Women’s Empowerment – A Myth

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Women’s Empowerment – A Myth

On this International Women’s Day, indeed the whole world is celebrating and glorifying womanhood starting from Facebook newsfeed, Twitter and WhatsApp it’s the same story everywhere. I still wonder what really is meant by “empowering women”. When just for a single day our phones’ galleries are filled with Happy Women’s Day wishes and the next day we go back forgetting everything. What’s the point of making women feel special for a day to nothing the day after for the sun had set for the day.

There are a series of questions that arise in this context. Women’s empowerment ─ is it political empowerment? Economic Empowerment? Social Empowerment?

Even though each of these categories are not mutually exclusive, they are mutually reinforcing. It is true that women’s empowerment is a kind of buzzword that fails to convey the complexity of its meaning. Empowerment is giving someone the authority or power to do something. I don’t accept this perception of women empowerment, for I believe women empowerment should be a much wider, comprehensive and inclusive concept for all women irrespective of social class.

However, in a developing world of ours where gender inequality is often rife, the distribution of wealth always uneven, and all the power concentrated in handful of influential people, female empowerment means and has always meant giving women the platform to choose their own direction of life. The process initiates with financial aid, but the empowerment itself could be political or economic – the choice is theirs. Women have always proven themselves far better economic agents than their male counterparts. Aiding them with financial support, would indirectly empower other women too. What one fails to understand is that the financial empowerment is the base requirement for empowerment in its wider meaning.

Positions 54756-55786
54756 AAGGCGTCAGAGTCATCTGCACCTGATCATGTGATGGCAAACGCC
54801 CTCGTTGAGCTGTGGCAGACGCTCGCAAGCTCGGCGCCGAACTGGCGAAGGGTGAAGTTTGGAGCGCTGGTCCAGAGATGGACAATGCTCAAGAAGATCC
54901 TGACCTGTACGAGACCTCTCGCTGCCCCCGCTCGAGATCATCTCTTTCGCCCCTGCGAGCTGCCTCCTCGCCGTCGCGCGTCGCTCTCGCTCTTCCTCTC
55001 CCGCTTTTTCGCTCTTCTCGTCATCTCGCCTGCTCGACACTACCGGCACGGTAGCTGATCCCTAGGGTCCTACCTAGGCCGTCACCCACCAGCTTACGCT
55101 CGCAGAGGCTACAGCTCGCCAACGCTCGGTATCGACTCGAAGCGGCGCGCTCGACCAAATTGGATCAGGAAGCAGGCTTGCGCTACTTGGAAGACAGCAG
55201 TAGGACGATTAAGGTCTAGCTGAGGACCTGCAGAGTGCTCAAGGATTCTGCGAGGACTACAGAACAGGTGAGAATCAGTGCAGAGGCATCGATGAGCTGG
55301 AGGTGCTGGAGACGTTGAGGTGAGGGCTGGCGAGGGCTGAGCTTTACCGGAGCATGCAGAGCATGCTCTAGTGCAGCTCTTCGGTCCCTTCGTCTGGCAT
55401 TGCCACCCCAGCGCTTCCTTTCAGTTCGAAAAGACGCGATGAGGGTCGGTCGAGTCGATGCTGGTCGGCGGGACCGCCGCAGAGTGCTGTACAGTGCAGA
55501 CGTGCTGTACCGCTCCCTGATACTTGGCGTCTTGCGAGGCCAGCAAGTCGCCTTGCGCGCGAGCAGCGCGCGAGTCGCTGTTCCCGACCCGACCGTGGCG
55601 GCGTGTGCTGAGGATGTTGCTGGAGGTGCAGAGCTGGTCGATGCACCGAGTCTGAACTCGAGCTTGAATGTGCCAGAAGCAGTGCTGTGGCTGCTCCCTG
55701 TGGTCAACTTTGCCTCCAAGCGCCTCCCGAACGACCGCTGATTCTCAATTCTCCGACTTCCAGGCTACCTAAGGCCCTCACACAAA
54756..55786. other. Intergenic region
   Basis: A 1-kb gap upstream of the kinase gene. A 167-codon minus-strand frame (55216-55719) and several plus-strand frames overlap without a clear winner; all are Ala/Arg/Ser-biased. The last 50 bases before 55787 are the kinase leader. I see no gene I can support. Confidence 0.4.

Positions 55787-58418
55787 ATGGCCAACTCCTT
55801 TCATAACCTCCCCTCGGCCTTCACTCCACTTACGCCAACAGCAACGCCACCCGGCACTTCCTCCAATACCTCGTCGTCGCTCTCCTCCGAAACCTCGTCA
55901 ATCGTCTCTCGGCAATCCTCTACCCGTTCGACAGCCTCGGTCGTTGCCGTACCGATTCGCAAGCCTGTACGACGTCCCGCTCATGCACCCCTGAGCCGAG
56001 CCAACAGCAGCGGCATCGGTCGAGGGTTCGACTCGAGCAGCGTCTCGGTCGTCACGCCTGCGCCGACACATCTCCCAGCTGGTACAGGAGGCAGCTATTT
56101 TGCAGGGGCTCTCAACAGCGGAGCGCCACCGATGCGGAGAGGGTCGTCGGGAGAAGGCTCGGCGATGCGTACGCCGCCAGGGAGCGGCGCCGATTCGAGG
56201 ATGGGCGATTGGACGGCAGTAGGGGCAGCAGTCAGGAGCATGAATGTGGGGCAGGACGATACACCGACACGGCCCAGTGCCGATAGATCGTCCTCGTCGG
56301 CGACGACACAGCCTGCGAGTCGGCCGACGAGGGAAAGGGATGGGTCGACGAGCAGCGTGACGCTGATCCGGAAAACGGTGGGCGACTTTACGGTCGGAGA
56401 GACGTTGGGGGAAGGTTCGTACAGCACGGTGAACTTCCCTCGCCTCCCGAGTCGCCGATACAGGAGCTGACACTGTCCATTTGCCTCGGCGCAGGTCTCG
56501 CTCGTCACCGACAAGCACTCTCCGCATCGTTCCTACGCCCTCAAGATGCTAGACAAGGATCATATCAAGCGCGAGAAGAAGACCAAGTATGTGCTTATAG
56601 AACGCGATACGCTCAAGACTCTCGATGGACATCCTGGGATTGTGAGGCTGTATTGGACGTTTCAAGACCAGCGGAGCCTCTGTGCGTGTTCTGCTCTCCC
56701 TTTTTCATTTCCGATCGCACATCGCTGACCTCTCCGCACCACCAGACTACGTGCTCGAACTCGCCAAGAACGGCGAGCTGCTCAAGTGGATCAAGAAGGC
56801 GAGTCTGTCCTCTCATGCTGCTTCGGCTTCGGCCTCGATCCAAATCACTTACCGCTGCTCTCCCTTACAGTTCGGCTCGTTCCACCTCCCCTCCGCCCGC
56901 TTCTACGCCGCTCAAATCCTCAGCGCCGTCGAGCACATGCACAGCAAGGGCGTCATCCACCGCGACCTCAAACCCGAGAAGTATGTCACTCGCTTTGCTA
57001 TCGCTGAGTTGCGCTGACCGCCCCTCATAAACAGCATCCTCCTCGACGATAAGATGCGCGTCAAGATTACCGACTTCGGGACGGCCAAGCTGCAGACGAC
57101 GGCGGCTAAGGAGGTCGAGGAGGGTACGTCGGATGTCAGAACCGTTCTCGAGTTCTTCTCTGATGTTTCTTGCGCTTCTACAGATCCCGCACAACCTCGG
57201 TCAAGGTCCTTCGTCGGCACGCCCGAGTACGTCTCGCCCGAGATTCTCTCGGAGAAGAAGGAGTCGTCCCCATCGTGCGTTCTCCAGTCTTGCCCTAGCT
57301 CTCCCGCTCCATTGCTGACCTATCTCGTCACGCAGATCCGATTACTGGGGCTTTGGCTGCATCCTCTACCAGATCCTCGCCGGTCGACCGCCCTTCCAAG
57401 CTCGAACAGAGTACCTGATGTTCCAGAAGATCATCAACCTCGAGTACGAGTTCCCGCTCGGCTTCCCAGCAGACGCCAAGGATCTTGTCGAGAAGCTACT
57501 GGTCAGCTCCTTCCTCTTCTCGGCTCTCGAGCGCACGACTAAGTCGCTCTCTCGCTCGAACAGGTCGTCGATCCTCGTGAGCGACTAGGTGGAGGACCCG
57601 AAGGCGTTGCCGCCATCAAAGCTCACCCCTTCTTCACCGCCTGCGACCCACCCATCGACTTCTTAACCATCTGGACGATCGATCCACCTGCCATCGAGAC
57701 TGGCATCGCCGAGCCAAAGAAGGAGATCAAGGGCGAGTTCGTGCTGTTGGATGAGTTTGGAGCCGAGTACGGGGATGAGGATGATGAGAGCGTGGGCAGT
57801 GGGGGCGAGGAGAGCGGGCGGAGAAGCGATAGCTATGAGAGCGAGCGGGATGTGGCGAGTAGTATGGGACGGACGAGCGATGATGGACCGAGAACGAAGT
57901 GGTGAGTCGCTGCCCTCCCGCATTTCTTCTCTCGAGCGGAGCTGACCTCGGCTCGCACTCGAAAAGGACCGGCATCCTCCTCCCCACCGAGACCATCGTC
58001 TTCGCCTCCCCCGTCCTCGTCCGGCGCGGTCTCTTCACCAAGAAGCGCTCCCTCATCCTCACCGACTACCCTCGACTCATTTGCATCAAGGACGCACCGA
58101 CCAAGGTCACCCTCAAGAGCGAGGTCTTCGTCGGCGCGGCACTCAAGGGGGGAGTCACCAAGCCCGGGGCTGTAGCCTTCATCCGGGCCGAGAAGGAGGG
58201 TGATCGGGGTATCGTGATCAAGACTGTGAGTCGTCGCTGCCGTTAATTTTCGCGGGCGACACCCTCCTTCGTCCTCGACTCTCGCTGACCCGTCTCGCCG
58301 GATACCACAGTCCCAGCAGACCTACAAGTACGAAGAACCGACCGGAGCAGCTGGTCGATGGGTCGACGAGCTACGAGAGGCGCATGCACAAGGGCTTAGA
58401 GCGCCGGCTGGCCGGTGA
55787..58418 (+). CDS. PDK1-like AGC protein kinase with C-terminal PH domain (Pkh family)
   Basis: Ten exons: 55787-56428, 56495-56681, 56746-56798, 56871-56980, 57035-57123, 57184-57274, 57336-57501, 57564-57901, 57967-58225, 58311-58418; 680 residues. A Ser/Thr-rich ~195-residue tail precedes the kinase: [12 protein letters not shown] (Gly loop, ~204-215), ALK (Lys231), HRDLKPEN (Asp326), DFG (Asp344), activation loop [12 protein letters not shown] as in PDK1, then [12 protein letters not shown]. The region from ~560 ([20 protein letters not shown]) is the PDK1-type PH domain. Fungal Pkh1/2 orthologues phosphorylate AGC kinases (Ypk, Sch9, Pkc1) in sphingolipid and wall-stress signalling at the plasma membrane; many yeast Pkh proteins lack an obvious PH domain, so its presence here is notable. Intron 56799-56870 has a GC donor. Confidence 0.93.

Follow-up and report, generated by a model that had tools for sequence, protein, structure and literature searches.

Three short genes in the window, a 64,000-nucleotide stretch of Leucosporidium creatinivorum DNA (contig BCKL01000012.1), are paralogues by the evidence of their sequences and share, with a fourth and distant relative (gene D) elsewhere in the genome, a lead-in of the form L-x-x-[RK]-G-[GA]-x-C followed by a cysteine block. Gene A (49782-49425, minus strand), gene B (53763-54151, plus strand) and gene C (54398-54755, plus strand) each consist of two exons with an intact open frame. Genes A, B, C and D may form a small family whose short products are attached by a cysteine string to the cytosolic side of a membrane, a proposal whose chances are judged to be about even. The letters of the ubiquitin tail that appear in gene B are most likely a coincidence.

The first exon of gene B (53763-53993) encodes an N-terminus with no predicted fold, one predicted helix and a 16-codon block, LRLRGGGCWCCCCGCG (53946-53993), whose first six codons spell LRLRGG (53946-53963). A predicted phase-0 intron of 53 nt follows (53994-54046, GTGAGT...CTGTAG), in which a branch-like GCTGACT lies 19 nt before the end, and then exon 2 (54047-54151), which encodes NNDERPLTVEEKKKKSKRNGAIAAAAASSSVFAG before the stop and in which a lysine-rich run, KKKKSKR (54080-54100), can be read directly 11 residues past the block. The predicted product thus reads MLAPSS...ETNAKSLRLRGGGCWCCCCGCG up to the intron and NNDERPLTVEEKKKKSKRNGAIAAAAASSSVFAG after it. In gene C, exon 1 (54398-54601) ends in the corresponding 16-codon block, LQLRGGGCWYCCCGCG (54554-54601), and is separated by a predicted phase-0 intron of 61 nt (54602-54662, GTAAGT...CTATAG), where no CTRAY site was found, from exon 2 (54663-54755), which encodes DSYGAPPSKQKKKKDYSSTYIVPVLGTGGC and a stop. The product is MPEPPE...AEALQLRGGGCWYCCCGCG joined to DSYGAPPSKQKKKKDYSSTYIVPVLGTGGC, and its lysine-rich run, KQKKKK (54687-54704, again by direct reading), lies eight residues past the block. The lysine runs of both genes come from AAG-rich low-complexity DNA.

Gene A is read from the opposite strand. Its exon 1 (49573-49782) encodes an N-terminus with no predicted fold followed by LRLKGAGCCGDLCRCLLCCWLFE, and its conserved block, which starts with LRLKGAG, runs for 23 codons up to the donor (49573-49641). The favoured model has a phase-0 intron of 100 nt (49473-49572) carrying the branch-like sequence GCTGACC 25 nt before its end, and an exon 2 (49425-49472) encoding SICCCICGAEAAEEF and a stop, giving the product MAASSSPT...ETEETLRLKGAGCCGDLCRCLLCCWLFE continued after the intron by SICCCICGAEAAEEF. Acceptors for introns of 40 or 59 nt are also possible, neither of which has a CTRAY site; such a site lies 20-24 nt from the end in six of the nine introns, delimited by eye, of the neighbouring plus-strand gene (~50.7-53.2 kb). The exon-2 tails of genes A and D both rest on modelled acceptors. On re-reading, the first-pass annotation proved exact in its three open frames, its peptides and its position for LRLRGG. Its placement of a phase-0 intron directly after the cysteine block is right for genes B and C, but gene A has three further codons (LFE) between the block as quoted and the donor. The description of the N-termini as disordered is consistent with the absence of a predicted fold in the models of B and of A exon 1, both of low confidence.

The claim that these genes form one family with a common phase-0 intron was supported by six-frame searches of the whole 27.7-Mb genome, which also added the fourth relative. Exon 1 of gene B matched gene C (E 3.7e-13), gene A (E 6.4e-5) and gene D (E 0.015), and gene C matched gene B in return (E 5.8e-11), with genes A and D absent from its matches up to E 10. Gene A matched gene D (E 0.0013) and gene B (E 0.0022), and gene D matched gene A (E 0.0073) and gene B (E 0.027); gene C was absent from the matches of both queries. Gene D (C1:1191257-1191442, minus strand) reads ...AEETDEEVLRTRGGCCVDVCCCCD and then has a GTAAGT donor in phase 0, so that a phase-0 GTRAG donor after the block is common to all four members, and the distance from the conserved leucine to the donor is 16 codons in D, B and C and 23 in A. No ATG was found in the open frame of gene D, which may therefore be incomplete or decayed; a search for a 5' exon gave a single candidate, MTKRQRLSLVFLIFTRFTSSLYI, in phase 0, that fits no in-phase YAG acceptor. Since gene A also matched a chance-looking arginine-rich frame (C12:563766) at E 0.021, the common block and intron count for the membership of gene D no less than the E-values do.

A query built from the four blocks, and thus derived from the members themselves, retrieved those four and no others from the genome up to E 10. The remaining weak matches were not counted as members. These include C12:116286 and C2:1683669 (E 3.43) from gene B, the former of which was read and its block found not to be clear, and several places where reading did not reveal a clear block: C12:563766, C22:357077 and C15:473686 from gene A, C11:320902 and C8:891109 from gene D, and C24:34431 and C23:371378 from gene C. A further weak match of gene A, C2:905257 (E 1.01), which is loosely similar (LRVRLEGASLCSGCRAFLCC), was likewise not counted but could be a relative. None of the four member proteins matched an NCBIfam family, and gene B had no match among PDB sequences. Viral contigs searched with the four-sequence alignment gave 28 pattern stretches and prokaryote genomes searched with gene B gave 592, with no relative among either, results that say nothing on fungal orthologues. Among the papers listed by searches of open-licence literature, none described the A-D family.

However, women’s empowerment is not (or should not be) purely economic. It is political, social and cultural. It implies transforming gender power structures and political mobilization. Patchwork solutions like special seats for women in Parliament or reserved seats in public transport, college, or university won’t solve the issue of women empowerment.

They say educating a daughter and sending her to school is equivalent to educating the whole of mankind. No doubt there has been a remarkable progress in the growing role of females in socio-economic development and we owe it to education. There’s no denying in the fact that even though the enrolment rate in schools for both boys and girls may be 50:50, but there are fewer girls than boys who finish university. The challenge here is to reduce the attrition rate.

At the heart of women empowerment lies the demand for a more robust global sisterhood: one in which no women are relegated to passivity and silence, their choices aren’t limited to what is set by the society but beyond. It’s high time we must understand the fine gender line helps to keep women not on a pedestal, but in a cage. Thus, a gender-equal society would be one where the word “gender” wouldn’t exist. Where everyone can be themselves and women won’t be discriminated on basis of their caste, religion, socio-economic status, skin colour and her body shape. Her choice of dress won’t define her character neither will her shade of lipstick.

Hope there is a day when this day is not needed. When women can feel as special and equal every day. I welcome all folks to celebrate their balance of androgynous mind. Let’s look forward beyond the well-known myth ─ feminine essence,instead celebrate all colours of her body and her mind.

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